Verse 2. Let the redeemed of the LORD say so. Whatever others may think or say, the redeemed have overwhelming reasons for declaring the goodness of the Lord. Theirs is a peculiar redemption, and for it they ought to render peculiar praise. The Redeemer is so glorious, the ransom price so immense, and the redemption so complete, that they are under sevenfold obligations to give thanks unto the Lord, and to exhort others to do so. Let them not only feel so but say so; let them both sing and bid their fellows sing.
Whom he hath redeemed from the hand of the enemy. Snatched by superior power away from fierce oppressions, they are bound above all men to adore the Lord, their Liberator. Theirs is a divine redemption, "he hath redeemed" them, and no one else has done it. His own unaided arm has wrought out their deliverance. Should not emancipated slaves be grateful to the hand which set them free? What gratitude can suffice for a deliverance from the power of sin, death, and hell? In heaven itself there is no sweeter hymn than that whose burden is, "Thou hast redeemed us unto God by thy blood."
EXPLANATORY NOTES AND QUAINT SAYINGS
Verse 2. Redeemed. Moses has given us in the law a clear and full idea of what we are to understand by the word gal, here rendered "redeemed." If any person was either sold for a slave or carried away for a captive, then his kinsman, who was nearest to him in blood, had the right and equity of redemption. But no other person was suffered to redeem. And such a kinsman was called "the redeemer", when he paid down the price for which his relation was sold to be a slave, or paid the ransom for which he was led captive. And there is another remarkable instance in the law, wherein it was provided, that in any case any person was found murdered, then the nearest to him in blood was to prosecute the murderer, and to bring him to justice, and this nearest relation thus avenging the murder is called by the same name, a redeemer. And how beautifully is the office of our great Redeemer represented under these three instances; he was to us such a Redeemer in spirituals, as these were in temrporals: for sin had brought all mankind into slavery and captivity, and had murdered us ... This most high God, who was also man, united in one Christ, came into the world to redeem us, and the same person being both God and man, must merit for us as God in what he did for us as man. Accordingly, by the merits of his obedience and sufferings, he paid the price our redemption, and we were no longer the servants of sin; and by his most precious blood shed upon the cross, by his death and resurrection, he overcame both death, and him who had the power of death, and by delivering us in this manner from slavery and captivity, he fulfilled the third part of the Redeemer's office: for Satan was the murderer from the beginning, who had given both body and soul a mortal wound of sin, which was certain death and eternal misery, and the Redeemer came to avenge the murder. He took our cause in hand, as being our nearest kinsman, and it cost him his own life to avenge ours. -- William Romaine.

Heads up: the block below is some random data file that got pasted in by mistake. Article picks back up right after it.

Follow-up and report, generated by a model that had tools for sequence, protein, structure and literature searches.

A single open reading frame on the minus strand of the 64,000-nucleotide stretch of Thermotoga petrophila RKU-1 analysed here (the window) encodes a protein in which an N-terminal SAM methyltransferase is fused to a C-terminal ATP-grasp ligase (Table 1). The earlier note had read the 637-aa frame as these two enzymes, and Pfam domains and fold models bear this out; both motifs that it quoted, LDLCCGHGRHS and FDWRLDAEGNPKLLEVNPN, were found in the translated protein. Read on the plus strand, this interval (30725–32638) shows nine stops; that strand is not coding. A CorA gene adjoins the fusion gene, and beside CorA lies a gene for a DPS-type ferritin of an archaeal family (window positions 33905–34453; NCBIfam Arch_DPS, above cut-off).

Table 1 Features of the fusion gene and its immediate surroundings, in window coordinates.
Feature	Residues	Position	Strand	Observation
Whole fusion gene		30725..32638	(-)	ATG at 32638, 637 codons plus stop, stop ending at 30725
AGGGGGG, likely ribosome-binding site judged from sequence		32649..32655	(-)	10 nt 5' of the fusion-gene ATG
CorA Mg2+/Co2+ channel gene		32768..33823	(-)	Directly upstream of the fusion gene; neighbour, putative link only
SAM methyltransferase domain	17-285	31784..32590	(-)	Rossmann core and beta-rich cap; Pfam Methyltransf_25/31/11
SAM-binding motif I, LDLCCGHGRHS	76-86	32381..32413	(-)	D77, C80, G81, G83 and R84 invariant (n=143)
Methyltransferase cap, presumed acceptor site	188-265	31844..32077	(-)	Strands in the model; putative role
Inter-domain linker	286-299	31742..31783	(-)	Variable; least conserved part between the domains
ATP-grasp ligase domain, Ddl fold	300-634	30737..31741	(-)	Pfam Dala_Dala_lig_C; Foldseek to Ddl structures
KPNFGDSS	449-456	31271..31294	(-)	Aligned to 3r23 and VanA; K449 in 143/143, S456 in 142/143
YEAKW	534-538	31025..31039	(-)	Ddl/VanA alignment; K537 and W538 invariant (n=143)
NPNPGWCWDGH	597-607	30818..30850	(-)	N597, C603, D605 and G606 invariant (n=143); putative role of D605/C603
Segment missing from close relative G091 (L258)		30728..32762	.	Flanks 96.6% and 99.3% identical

Verse 2. From the hand of the enemy. From all their sins which war against their souls; from Satan their implacable adversary, who is stronger than they; from the law, which threatens and curses them with damnation and death; from death itself, the last enemy, and indeed from the hand of all their enemies, be they who they may. --John Gill.